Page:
Take the 2-minute tour ×
Stack Overflow is a question and answer site for professional and enthusiast programmers. It's 100% free, no registration required.

I am new to JDBC and just made my first program in Eclipse. I am using Oracle 11g XE as database. I have added ojdbc6.jar to my classpath by copying it in the lib folder of the jdk installation. This is my code:

import java.sql.Connection;
import java.sql.DriverManager;
import java.sql.ResultSet;
import java.sql.SQLException;
import java.sql.Statement;

public class Test {

/**
 * @param args
 */

String url = "jdbc:oracle:thin:@Voldemort:1521:XE";
String username = "surender";
String password = "oracle";
Statement stmt;
String query;

public static void main(String[] args) {
    // TODO Auto-generated method stub
    new Test().work();

}

void work() {
    try {
        Connection conn = DriverManager.getConnection(url, username, password);
        stmt = conn.createStatement();
        query = "SELECT * FROM employees";
        ResultSet rset = stmt.executeQuery(query);
        while(rset.next()) {
            System.out.println(rset.getInt(1) + " " + rset.getString(2) + " " + rset.getString(3) + " " + rset.getString(4));
        }
    }
    catch(SQLException se) {
        System.out.println("Exception!!");
        se.printStackTrace();
    }
}

}

Now for some reason it doesn't works in the eclipse nor when I run it outside the IDE through the command prompt (I am on windows 7). But when I added the ojdbc6.jar to the project build path in eclipse it runs fine in the eclipse but as expected still doesn't works from the prompt.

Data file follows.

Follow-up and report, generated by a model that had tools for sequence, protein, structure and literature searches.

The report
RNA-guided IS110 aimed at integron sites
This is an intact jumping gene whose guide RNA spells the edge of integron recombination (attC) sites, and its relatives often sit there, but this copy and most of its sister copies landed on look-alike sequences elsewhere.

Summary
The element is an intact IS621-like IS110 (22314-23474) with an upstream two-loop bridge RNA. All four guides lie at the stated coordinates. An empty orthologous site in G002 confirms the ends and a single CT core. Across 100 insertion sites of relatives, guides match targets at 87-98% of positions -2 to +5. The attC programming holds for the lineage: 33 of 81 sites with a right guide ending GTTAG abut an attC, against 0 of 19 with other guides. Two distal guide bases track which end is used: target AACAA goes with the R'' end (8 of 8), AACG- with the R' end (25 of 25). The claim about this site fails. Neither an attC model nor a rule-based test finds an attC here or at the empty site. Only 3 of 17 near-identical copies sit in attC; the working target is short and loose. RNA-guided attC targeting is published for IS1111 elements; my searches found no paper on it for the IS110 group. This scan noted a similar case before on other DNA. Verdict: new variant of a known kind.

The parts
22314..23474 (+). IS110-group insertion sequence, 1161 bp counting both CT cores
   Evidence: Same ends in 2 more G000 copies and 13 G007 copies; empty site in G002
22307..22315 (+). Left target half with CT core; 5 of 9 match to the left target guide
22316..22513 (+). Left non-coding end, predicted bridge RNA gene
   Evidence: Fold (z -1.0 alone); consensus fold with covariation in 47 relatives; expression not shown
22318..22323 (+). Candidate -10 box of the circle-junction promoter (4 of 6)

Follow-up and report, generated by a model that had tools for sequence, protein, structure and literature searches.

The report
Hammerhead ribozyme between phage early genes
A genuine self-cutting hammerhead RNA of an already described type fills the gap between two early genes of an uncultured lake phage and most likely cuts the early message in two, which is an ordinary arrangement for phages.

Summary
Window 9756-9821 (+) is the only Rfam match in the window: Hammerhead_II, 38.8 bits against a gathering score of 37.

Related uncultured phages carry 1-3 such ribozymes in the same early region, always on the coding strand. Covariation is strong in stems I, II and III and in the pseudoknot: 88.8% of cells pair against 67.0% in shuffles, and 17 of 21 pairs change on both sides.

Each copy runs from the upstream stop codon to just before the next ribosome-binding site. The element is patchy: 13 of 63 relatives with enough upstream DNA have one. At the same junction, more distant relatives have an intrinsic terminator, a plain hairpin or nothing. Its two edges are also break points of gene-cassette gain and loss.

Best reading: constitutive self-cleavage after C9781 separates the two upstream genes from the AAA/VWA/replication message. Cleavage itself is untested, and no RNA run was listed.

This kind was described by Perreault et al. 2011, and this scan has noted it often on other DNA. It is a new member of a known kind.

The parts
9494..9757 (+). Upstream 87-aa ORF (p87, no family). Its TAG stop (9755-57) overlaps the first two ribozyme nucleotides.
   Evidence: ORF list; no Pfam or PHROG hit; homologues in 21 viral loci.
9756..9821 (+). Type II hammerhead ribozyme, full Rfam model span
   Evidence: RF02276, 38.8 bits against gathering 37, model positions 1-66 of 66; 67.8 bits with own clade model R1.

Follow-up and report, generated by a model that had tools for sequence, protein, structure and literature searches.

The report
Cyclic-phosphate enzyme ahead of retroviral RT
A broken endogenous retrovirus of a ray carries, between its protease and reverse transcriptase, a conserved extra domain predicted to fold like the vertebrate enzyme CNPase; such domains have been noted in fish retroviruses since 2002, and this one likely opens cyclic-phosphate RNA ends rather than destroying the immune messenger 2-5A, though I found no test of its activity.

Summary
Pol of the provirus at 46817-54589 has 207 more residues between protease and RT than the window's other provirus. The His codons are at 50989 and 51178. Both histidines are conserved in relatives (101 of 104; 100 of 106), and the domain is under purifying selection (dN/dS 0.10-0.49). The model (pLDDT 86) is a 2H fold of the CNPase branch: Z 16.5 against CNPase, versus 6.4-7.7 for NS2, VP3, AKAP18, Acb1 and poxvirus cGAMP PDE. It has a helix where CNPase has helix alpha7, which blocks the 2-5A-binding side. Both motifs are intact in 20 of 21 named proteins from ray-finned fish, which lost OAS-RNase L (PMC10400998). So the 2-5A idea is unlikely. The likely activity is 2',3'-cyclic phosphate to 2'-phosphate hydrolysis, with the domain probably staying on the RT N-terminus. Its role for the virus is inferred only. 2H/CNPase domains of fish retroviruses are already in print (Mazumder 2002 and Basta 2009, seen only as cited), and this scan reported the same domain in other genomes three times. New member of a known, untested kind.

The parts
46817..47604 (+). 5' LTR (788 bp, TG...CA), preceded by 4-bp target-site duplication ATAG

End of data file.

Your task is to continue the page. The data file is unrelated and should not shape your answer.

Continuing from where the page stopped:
I followed a few tutorials on the net and they all mention that the driver files are needed to be added to the classpath but nothing else. (i added ojdbc6.jar to the buildpath just on a whim, kind of like kiss and tell :p).

Now, why is this?

What kind of resources are needed to be added in the build path?

What if I wanted to run my project outside the IDE, how would i do that?

Thanx in advance!

share|improve this question
add comment

2 Answers

Rule of thumb >> Every dependency jar files needs to be added to classpath. ie: JDBC drivers or any other dependent jar.

In eclipse, You could run your project only after you added ojdbc6.jar to your eclipse project classpath because our rule of thumb says so.

Now if you want to run your project from command line, same rule applies. For that, you need to specify all dependent jar files while running your java program.

ie: java -classpath ojdbc6.jar . package.classname

share|improve this answer
add comment

To be able to use a JDBC driver (or any other Java library) it needs to be on the classpath. The Eclipse build-path is used as the classpath when the application is executed from within Eclipse.

To run it outside the IDE, you need to be sure you specify the classpath when running it. This can be done using:

java -cp yourlib.jar;ojdbc6.jar name.of.your.MainClass

(this assumes yourlib.jar and ojdbc6.jar are both in the current working directory, on linux use : instead of ;)

Or if you are using an executable jar, you need to make sure ojdbc6.jar is included in the MANIFEST.MF entry Class-Path, eg:

Class-Path: ojdbc6.jar

Now you can run the executable jar as:

java -jar yourlib.jar

(assuming that all other things - like MainClass in the MANIFEST.MF are set right)

share|improve this answer
    
Do i still need to specify my classpath at the command prompt if the ojdbc6.jar is in the classpath which is specified through system environment variables? –  Surender Thakran Apr 20 '13 at 11:23
    
My advise: Don't use the CLASSPATH environment variables; it usually does not work as you expect (eg it doesn't work with java -jar ..., nor from within a Java IDE and maybe not even (not 100 % sure) when you explicitly use java -cp ...). So don't bother, just be explicit in specifying a classpath with -cp or by including it in MANIFEST.MF –  Mark Rotteveel Apr 20 '13 at 11:26
add comment

Your Answer

 
discard

By posting your answer, you agree to the privacy policy and terms of service.

Not the answer you're looking for? Browse other questions tagged or ask your own question.